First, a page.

On Aug. 30, 2018, HSI Fresno, along with HSI Special Response Teams (SRT) from San Francisco, Los Angeles, San Diego, Arizona, Chicago and Detroit, with HSI special agents from throughout SAC San Francisco, and the assistance of the Fresno County Sheriff’s Office, Federal Bureau of Investigation and numerous other state, local and federal law enforcement agencies, executed 17 federal and four State of California search warrants at residences associated with this investigation. During a search of the residences, law enforcement seized six pistols, one SKS rifle, 270 rounds of ammunition, 65 machete/knives, $4,580 in United States currency, 120 cell phones, small amounts of narcotics and gang-related materials.
Following the operation, law enforcement officers arrested 19 individuals on federal arrest warrants and four individuals on State of California arrest warrants in the cities of Mendota, Kerman, Los Angeles, San Bernardino, and Oakland, California. All the individuals arrested were known MS-13 members and/or associates of the criminal street gang and the charges against these individuals range from assault with a deadly weapon, conspiracy to commit murder and/or attempted murder, narcotics trafficking, and possession of firearms and ammunition by prohibited persons.
The arrests included the entire MS-13 leadership in Mendota, California, including the clique leader and other senior leaders/shot callers, effectively dismantling MS-13 operations throughout the Central Valley of California.
In March 2018, 24 transnational gang members were arrested under Operation Matador, the intelligence driven, unified effort to combat the proliferation of MS-13 and other transnational criminal gang activity in Long Island, the New York City metropolitan area and Hudson Valley. The arrests brought the total under this initiative to 475.
Operation Matador, operating under the U.S. Department of Homeland Security (DHS) Transnational Organized Crime Initiative (DHS TOCI), was launched by HSI New York along with ERO. This joint initiative comprises HSI special agents, ERO deportation officers and the ICE Office of Principal Legal Advisor (OPLA); U.S. Customs and Border Protection (CBP); U.S. Citizenship and Immigration Services (USCIS), and state and local law enforcement partners, including the Suffolk County Police Department (SCPD), Nassau County Police Department (NCPD) and the Hempstead Police Department. DHS TOCI is responsible for identifying, interdicting and investigating a wide variety of transnational border crime with a concentration on MS-13 gang activity.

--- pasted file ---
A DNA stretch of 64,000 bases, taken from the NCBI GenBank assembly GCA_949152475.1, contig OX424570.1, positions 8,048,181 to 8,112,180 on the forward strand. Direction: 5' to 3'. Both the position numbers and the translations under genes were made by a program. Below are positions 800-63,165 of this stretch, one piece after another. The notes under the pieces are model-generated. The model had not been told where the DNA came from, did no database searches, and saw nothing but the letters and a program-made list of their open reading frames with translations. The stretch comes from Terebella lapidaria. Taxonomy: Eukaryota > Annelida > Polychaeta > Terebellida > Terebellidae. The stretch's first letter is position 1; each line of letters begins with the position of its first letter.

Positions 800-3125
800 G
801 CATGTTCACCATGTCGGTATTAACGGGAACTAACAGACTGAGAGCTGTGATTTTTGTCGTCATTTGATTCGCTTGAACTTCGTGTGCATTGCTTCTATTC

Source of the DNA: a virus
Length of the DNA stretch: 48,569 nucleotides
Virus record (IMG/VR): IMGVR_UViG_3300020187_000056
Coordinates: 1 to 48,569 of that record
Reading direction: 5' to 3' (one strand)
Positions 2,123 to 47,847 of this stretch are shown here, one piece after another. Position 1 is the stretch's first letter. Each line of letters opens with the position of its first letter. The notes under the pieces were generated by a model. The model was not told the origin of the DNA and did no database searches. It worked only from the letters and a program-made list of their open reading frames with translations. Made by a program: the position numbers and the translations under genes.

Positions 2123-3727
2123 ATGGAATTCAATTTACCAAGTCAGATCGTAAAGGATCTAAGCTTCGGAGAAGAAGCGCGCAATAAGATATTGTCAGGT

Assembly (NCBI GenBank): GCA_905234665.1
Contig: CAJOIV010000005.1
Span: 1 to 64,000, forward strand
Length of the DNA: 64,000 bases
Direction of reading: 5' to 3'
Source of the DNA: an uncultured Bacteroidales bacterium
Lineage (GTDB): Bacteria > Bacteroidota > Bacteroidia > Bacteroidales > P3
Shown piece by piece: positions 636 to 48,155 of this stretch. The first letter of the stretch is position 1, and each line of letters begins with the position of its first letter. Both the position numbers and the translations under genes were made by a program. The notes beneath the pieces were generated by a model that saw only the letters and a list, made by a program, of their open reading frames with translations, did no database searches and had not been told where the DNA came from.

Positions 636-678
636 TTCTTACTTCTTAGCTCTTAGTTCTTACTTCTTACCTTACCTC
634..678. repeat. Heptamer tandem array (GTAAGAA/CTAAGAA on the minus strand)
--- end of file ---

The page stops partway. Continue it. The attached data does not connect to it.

Since May 2017, the operation has accounted for 274 MS-13 arrests and the 15 arrests associated with the 18th street gang. This operation has yielded 227 criminal arrests and another 248 administrative arrests. Of the gang members arrested during this ongoing enforcement action, 80 had additional criminal histories, including prior convictions for assault and weapons charges. Five are facing serious criminal charges.
Operation Matador is among the strongest examples of ICE’s ongoing efforts, begun in 2005 under Operation Community Shield, to target violent gang members and their associates, eradicate the violence they inflict upon our communities and stop the cash flow to transnational organized crime groups.
Special agents with HSI Houston – along with various federal, state and local law enforcement agencies – arrested 23 gang members and gang associates during a 26-day surge operation targeting MS-13 gang members in the Houston area, which ended May 31. Thirteen of those arrested during this operation are confirmed MS-13 gang members or gang associates.
“This indictment following an extensive federal investigation accuses 18 UAB members of nine murders, car-jackings, kidnappings and other very serious charges,” said Katrina W. Berger, special agent in charge of HSI Dallas. “Homeland Security Investigations is committed to combatting these violent criminal organizations within our communities.”